Aaron Sorkin's Letter to Mark Zuckerberg: Facebook Is "Assaulting Truth"

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Aaron Sorkin

'The Social Network' writer also appeared to encourage further regulation of the social media giant.

A day after Facebook held firm on its decision to allow factual errors in paid political ads on its platform, the company's founder may have opened up his laptop on Thursday to read an open letter from the writer behind The Social Network

Aaron Sorkin wrote to mogul Mark Zuckerberg, entreating that "this can't possibly be the outcome you and I want, to have crazy lies pumped into the water supply that corrupt the most important decisions we make together." He added that the company's stance is akin to "assaulting truth."

In the letter, published as an opinion column in The New York Times, Sorkin writes, "Half of all Americans say Facebook is their main source of news. Of course the problem could be solved by those people going to a different news source, or you could decide to make Facebook a reliable source of public information."

After resistance from Zuckerberg in the aftermath of the 2016 presidential election — during which the platform was criticized for disseminating demonstrably false news in its news feed — Facebook has taken steps to placate media concerns.

On Oct. 25, the social media giant launched Facebook News — a section of the site featuring syndicated content from featured news brands, from Fox News to Bloomberg, some of whom will be paid partners. (And the company has courted some of its fiercest longtime critics. News Corp CEO Robert Thomson appeared at the New York launch event for the news tab along with Zuckerberg.)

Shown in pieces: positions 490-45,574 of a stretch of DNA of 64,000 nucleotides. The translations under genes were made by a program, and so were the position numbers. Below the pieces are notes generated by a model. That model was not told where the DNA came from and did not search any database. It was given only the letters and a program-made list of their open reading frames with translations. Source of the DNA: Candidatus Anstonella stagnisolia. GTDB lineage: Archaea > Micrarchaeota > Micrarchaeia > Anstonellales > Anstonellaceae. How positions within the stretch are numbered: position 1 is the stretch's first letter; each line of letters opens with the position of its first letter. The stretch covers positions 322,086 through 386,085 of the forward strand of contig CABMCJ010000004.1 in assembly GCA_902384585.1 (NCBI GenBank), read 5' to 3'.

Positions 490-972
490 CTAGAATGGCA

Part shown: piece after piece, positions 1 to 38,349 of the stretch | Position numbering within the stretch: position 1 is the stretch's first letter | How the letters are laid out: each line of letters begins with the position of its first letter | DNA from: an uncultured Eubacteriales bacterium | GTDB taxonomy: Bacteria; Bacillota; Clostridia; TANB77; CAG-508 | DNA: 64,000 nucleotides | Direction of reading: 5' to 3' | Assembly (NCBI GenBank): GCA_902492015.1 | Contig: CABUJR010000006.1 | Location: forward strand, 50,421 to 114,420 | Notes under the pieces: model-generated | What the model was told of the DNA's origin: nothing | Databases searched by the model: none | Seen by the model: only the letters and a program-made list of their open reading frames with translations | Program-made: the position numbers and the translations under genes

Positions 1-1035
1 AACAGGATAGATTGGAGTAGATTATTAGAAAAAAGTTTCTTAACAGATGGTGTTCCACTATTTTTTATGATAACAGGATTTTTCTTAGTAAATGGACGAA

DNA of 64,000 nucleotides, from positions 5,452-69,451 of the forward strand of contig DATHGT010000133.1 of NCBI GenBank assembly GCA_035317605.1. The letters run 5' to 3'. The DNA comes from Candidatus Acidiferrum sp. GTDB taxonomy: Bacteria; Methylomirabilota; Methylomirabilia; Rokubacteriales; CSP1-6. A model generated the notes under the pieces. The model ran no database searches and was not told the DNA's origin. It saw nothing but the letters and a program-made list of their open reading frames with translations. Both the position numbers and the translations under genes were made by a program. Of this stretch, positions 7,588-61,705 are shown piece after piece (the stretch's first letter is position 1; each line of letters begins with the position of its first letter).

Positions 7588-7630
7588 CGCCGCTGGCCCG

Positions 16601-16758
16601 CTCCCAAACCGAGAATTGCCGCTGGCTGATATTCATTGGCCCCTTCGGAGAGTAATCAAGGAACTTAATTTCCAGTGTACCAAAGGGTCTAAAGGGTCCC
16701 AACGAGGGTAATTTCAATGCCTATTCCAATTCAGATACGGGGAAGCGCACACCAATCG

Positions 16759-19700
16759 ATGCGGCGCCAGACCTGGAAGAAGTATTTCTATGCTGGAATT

Facebook, which reported earnings on Oct. 30 and disclosed that it had 2.45 billion monthly active users, has said that it wants to bring more "transparency" to political advertising. "Our values on voice and free expression are not partisan. But, unfortunately, in our current environment, a lot of people look at every decision through the lens of whether it will help or hurt the candidate they want," Zuckerberg said on an earnings call. 

The same day that Facebook disclosed earnings results, Twitter CEO Jack Dorsey pledged to ban political advertisements from his social platform. "While internet advertising is incredibly powerful and very effective for commercial advertisers, that power brings significant risks to politics, where it can be used to influence votes to affect the lives of millions," Dorsey tweeted. 

In his letter in the Times, Sorkin raised the specter of further regulation for the social media giant. "The law hasn't been written yet — yet — that holds carriers of user-generated internet content responsible for the user-generated content they carry, just like movie studios, television networks and book, magazine and newspaper publishers," the director wrote. 

Sorkin's criticism of Zuckerberg extends all the way back to the making of Sony's The Social Network, which starred Jesse Eisenberg and chronicled the founding of Facebook at Harvard and the origins of the company's fight with the Winklevoss twins. Zuckerberg called the drama "fiction."

A month before the David Fincher-directed project hit theaters in Oct. 2010, Zuckerberg donated $100 million to public schools in New Jersey. The film — which ran the tagline "You don't get to 500 million friends without making a few enemies" on posters — ended up grossing $224 million worldwide and getting nominated for eight Oscars at the 83rd Academy Awards, including best picture. 

Zuckerberg, in the Oct. 30 earnings call, had set expectations for his company to be the target of government scrutiny in 2020 in the lead-up to the next U.S. presidential election. He said, "I expect that this is going to be a very tough year," adding, "This is complex stuff, and anyone who says that the answers are simple hasn't thought long enough about all the nuances."

After the publication of the open letter, Zuckerberg responded to Sorkin on Thursday by Facebook post, choosing to quote Sorkin's script for 1995's Michael Douglas drama The American President: "You want free speech? Let's see you acknowledge a man whose words make your blood boil."